It’s not quite April Fools’ Day, but it is World Backup Day -- and data loss is no joke.

According to the National Archives and Records Administration, 93% of companies that lose a data center for 10 days or more file for bankruptcy within one year of the incident. Here are five tips for properly protecting your small business’s information from Aaron Dun, CMO of cloud backup firm Intronis.

No. 1: Craft a backup strategy.

Dun says the most important step is realizing you need to have a strategy in place for dealing with data.

“Unfortunately, for many companies, this is not something they’re thinking about. They know they need insurance, but they don’t necessarily understand the core of why data matters to their business, and they’re not thinking about this strategically,” says Dun.

Dun says small businesses should be backing up important customer records, tax documents and payroll information daily to a local backup system or cloud-based solution. Additionally, business owners should have a backup for all necessary applications, like point-of-sale systems.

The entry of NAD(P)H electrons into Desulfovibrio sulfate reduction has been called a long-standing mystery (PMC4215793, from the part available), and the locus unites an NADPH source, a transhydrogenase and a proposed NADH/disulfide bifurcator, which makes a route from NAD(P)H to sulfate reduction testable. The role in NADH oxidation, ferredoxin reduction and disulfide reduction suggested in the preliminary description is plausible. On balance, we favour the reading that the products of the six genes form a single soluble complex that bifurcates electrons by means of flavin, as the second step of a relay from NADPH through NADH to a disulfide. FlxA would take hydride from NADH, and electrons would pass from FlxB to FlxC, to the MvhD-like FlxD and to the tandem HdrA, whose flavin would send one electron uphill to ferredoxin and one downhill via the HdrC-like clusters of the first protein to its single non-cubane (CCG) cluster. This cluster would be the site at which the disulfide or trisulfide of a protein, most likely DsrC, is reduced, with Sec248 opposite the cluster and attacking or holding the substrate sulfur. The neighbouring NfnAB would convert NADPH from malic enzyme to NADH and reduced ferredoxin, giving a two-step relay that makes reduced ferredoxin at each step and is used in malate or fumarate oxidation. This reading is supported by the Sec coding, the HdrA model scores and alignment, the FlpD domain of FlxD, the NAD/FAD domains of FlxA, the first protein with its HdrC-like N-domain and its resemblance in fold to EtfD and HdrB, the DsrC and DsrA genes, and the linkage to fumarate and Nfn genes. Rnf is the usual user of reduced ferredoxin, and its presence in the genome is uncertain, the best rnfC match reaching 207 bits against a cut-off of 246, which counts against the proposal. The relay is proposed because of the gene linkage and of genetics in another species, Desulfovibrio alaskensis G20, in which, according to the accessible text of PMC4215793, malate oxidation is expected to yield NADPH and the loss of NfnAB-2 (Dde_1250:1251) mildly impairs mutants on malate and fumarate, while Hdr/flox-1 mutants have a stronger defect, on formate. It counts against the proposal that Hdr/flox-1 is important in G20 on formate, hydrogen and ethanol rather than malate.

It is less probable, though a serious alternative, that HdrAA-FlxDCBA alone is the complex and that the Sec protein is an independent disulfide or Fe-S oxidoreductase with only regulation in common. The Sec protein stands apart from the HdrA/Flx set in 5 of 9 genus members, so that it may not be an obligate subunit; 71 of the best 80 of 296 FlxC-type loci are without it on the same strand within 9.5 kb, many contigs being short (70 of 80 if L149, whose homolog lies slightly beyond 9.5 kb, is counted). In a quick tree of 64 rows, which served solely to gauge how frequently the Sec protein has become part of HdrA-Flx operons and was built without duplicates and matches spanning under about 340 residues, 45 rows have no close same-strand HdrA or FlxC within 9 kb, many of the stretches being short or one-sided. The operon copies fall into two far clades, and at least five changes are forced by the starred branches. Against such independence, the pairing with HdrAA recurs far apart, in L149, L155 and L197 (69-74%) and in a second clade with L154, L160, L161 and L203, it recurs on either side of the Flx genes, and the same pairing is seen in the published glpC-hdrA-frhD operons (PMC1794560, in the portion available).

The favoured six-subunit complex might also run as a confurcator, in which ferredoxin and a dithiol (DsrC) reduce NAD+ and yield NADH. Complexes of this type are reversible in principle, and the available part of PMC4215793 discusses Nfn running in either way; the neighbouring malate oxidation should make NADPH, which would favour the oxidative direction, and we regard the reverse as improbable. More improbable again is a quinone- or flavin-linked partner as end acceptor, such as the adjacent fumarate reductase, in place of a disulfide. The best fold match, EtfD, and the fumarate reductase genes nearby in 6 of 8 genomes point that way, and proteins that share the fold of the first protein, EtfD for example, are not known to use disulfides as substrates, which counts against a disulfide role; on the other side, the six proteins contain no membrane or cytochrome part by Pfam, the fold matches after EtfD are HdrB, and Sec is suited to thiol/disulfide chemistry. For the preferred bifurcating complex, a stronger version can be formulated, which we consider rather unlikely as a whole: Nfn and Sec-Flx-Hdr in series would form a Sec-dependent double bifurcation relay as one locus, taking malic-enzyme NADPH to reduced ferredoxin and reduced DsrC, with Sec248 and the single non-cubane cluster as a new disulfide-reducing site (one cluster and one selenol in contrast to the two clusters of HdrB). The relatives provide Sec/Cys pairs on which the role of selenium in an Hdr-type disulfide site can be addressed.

Lastly, business owners need to think about their plan of attack, should they be forced to work off-site for an extended period of time.

“If you lose access to your main location … because of flood or fire, what’s your plan and how can [you] get up and running?” asks Dun.

No. 2: Educate your employees.

Employees can pose a major security risk if they’re not properly trained.

“Make sure that everybody understands what it means to avoid malware,” says Dun, for starters. Business owners should also teach staffers about phishing scams, which Dun says are increasingly sophisticated.

“People aren’t clicking on the most outlandish story links anymore,” says Dun. Instead, phishing scams are located in realistic-seeming emails, making them a more serious threat to business-data security.

No. 3: Encrypt more or less everything.

Dun recommends using encryption software to protect all data and important email communications from getting into the hands of malicious hackers.

No. 4: Create rules around BYOD.

Especially for small businesses, bring-your-own-device policies are becoming increasingly common. However, Dun says these policies can open up small companies to serious security risks. If you allow BYOD, make sure you have proper rules in place.

No. 5: Understand who has access to your business networks.

Small businesses relying on contractors and freelancers should know exactly what information these workers have access to – and how to turn off that access, when the job is done.

“You want to know who is accessing data and networks, and have a clean way of segmenting what they can and cannot do, especially when they’re no longer working for you,” says Dun.

Follow Gabrielle Karol on Twitter @GabrielleKarol